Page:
On the Thursday the wind swung round and was now blowing away from us and all signs of fish had disappeared so after much deliberation we made the decision to move to a new spot about 1.5k around the lake into a large bay. After breakfast on Friday morning the big upheaval began, we loaded the boat and the rest of the gear went back into the motor, as Paul set of down the lake in the boat I checked the site and made sure we left no rubbish (the one thing we had noticed was that there seemed to be no rats) before setting off around the road. Andy Judd and Pete Truckle arrived at the lake on the Friday and would be fishing for a week they were to start on another lake in the area.
Once again we could get the motor right to the swim which was a bonus as when we picked the spot we thought we would have to boat the gear in, although this nearly proved to be a major problem, more later.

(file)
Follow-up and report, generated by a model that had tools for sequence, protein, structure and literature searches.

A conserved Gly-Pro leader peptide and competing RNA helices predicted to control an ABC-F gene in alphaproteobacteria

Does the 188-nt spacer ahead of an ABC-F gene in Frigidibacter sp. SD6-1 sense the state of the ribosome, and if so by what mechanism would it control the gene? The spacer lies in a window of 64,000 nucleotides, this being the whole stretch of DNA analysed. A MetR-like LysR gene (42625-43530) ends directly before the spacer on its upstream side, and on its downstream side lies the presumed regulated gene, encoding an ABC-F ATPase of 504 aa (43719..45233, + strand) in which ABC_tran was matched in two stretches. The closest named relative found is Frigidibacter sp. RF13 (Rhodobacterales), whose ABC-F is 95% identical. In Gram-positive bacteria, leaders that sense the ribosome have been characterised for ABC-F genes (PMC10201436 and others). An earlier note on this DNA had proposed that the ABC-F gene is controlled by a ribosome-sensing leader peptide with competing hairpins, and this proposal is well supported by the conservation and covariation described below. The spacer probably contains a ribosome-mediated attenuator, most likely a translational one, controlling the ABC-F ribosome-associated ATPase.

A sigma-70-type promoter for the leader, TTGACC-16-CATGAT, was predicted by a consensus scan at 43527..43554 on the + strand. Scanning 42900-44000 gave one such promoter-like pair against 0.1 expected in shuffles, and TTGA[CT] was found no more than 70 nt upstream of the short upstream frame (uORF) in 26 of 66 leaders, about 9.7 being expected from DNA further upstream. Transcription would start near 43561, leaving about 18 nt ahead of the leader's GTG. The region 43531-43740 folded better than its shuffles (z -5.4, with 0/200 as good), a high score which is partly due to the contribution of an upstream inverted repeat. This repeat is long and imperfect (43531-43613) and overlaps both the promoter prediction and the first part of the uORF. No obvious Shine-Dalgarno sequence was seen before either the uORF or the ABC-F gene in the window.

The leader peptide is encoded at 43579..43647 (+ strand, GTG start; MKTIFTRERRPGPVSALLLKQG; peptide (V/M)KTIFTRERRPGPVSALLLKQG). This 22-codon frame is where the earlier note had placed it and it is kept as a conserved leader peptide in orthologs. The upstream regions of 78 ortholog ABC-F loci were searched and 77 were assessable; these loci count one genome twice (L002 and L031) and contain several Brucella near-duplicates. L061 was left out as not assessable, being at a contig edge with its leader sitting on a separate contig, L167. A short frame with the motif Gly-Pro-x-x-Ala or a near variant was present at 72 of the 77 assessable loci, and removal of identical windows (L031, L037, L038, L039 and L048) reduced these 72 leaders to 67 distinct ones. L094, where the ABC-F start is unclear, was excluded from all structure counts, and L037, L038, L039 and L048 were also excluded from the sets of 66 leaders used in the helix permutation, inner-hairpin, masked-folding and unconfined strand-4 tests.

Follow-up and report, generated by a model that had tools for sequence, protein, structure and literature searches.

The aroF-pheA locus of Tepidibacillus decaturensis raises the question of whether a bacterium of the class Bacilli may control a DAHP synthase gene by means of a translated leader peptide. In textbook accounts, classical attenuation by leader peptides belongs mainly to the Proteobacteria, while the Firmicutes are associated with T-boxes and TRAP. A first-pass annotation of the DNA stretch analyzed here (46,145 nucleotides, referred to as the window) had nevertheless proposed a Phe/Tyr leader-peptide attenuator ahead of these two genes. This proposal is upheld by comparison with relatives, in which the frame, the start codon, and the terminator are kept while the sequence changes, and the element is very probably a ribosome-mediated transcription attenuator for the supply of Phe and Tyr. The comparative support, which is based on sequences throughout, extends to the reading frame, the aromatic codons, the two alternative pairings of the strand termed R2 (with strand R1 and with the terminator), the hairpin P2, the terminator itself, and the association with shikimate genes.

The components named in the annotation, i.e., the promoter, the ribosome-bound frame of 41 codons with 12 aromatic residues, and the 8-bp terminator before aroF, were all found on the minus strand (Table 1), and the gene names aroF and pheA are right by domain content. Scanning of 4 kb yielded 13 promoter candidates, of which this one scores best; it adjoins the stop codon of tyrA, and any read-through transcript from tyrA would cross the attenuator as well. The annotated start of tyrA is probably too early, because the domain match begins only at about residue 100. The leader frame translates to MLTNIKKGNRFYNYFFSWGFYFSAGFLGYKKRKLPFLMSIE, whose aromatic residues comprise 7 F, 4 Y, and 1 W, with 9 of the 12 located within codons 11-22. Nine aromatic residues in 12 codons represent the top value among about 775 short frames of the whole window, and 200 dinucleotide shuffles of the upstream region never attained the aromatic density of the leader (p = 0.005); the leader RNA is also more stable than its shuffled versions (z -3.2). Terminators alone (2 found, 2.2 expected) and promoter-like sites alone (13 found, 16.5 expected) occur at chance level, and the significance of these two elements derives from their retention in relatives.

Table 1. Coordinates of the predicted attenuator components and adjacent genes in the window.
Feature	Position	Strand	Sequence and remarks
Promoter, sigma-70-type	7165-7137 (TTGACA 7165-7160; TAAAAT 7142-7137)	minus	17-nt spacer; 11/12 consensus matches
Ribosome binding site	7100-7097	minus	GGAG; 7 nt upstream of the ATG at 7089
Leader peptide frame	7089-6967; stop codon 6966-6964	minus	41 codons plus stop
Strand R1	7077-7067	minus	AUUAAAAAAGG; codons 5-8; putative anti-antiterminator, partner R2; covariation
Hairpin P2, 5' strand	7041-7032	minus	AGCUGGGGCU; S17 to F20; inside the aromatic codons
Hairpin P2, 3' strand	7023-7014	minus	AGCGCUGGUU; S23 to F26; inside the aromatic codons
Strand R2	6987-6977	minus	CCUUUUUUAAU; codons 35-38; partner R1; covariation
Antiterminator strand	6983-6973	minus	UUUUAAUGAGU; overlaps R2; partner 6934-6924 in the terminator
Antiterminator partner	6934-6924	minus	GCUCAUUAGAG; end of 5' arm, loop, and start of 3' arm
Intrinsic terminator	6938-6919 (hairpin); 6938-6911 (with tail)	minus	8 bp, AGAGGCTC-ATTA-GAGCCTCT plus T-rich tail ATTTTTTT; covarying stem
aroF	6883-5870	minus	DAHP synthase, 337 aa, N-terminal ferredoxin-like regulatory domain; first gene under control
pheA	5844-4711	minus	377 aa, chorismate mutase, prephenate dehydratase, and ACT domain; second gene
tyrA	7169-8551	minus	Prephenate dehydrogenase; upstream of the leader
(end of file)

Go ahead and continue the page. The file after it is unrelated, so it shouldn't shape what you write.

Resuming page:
Quickly getting sorted, it was out in the boat to suss out the new area, 7ft in the margin quickly dropping to 17ft and then gradually to 24ft with some deeper areas dropping to 28ft. The main features found were the occasional bar rising maybe a couple of feet off the bottom, deep margins and the numerous tree stumps. Again we baited with beds of particles and boilies, concentrating 4 rods in the deeper water and bars with the other 4 rods being fished in the shallower water and margins. The weather continued to be very erratic with Monday being a day of torrential rain. This brings us to the problem Tuesday morning brought more rain with the sun re-appearing later in the afternoon. With the drive back to the ferry in the morning we decide to start getting sorted and pack up what we could Paul left to get rid of the rubbish bags at the local drop off but was quickly back. He could not get out even with the 4 wheel drive the torrential rain had made it impossible, Paul only had normal road tyres on and not all terrain and they just would not grip. Eventually I suggested trying it in reverse which got him a lot further up and with me shoving for all I’m worth we managed to get out, so the motor stayed out on the hard standing for the night. Later Andy Judd dropped round for a chat, they had pulled off the lake they started on and were now about .75k further round the lake.